3. Increased Flexibility: The wide range of motion involved in many calisthenics movements also helps improve your flexibility and joint mobility.

4. Enhanced Cardiovascular Health: Cardiovascular health and endurance can be significantly improved by calisthenics workouts, which frequently include high-intensity movements.

5. Functional Strength: If calisthenics exercises are performed, they resemble everyday activities and enhance overall functional strength making performing daily tasks easier.

3. Common Misconceptions About Calisthenics

Bodyweight Training, also known as Calisthenics, has come to be very popular within the recent past. Nonetheless, a lot of popular myths about calisthenics also need to be dispelled like any other form of sport. In this chapter, we are going to clarify these myths and give you the true facts about calisthenics.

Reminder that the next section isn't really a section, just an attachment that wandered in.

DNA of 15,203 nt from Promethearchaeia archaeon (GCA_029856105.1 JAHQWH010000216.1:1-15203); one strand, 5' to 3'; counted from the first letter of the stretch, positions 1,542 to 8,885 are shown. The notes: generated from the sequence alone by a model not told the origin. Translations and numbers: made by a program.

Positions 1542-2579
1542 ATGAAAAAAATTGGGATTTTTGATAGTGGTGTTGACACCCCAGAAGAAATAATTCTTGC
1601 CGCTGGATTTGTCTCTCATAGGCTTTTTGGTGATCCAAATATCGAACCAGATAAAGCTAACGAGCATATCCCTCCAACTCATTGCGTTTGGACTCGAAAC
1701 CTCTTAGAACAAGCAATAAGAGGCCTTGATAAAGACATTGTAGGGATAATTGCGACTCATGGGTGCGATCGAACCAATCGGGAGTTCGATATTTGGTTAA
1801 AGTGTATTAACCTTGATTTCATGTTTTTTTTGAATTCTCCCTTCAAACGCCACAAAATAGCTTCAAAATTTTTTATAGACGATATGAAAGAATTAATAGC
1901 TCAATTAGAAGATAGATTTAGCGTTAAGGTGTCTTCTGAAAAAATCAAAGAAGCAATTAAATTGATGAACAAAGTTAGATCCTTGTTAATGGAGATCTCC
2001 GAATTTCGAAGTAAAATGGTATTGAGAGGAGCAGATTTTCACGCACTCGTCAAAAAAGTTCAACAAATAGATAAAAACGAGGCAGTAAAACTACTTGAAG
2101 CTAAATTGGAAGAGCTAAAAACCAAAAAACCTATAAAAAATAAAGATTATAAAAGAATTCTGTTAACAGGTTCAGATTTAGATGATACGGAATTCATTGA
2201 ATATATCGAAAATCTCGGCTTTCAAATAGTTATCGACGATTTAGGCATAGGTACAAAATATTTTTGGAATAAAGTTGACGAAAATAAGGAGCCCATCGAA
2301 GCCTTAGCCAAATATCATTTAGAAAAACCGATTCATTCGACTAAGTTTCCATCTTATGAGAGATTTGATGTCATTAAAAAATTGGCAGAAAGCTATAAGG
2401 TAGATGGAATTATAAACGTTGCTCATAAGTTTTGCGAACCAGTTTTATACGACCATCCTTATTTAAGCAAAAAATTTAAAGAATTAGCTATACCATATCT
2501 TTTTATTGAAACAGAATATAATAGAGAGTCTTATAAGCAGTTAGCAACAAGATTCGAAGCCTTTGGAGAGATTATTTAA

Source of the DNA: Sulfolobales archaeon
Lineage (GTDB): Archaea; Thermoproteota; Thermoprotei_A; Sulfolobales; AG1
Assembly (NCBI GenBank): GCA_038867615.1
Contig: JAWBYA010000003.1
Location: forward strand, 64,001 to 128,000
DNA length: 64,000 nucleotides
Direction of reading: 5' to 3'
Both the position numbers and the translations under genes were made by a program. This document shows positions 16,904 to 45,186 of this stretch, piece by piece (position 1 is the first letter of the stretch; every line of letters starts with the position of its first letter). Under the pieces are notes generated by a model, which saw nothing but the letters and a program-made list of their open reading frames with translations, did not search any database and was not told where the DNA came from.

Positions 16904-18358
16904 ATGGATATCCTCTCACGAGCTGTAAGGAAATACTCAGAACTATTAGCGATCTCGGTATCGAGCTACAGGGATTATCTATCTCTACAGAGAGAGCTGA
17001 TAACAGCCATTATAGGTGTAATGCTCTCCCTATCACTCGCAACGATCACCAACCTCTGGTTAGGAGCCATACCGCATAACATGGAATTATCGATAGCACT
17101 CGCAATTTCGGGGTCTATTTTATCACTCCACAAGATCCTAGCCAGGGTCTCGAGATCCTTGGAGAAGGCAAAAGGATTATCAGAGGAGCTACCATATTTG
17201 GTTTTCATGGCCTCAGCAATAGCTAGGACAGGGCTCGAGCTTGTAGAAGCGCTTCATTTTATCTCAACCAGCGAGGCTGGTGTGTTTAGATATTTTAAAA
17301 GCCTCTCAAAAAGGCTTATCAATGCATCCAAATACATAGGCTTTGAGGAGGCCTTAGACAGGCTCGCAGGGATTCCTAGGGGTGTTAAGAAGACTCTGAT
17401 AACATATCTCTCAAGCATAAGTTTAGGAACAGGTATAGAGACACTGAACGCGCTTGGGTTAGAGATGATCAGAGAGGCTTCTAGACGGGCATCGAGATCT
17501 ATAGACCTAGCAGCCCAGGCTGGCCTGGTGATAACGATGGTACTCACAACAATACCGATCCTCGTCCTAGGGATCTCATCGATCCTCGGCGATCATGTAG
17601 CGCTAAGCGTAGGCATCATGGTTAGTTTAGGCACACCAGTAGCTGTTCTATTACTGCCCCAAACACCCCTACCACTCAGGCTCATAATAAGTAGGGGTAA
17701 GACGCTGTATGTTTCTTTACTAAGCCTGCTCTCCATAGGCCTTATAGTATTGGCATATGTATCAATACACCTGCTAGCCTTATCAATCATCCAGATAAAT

Misconception 1: True calisthenics is only for beginners or those people which aren’t able to afford a fitness club membership.

Truth: This program is appropriate for people with any fitness levels, ranging from beginners to advanced athletes. It does not apply only to those people who cannot afford a gym membership. Actually, many professional athletes use calisthenics in their training regimens to increase strength, the flexibility of joints and improve overall performance.

Misconception 2: Weightlifting is much more effective than calisthenics for growing muscles.

Truth: Unlike traditional weightlifting, calisthenics is just as good for building muscle. Alternatives like bodyweight exercises do boost functional strength as they train several muscle groups at once. Additionally, calisthenics gives a wider range of movement which facilitates better muscle activation and growth.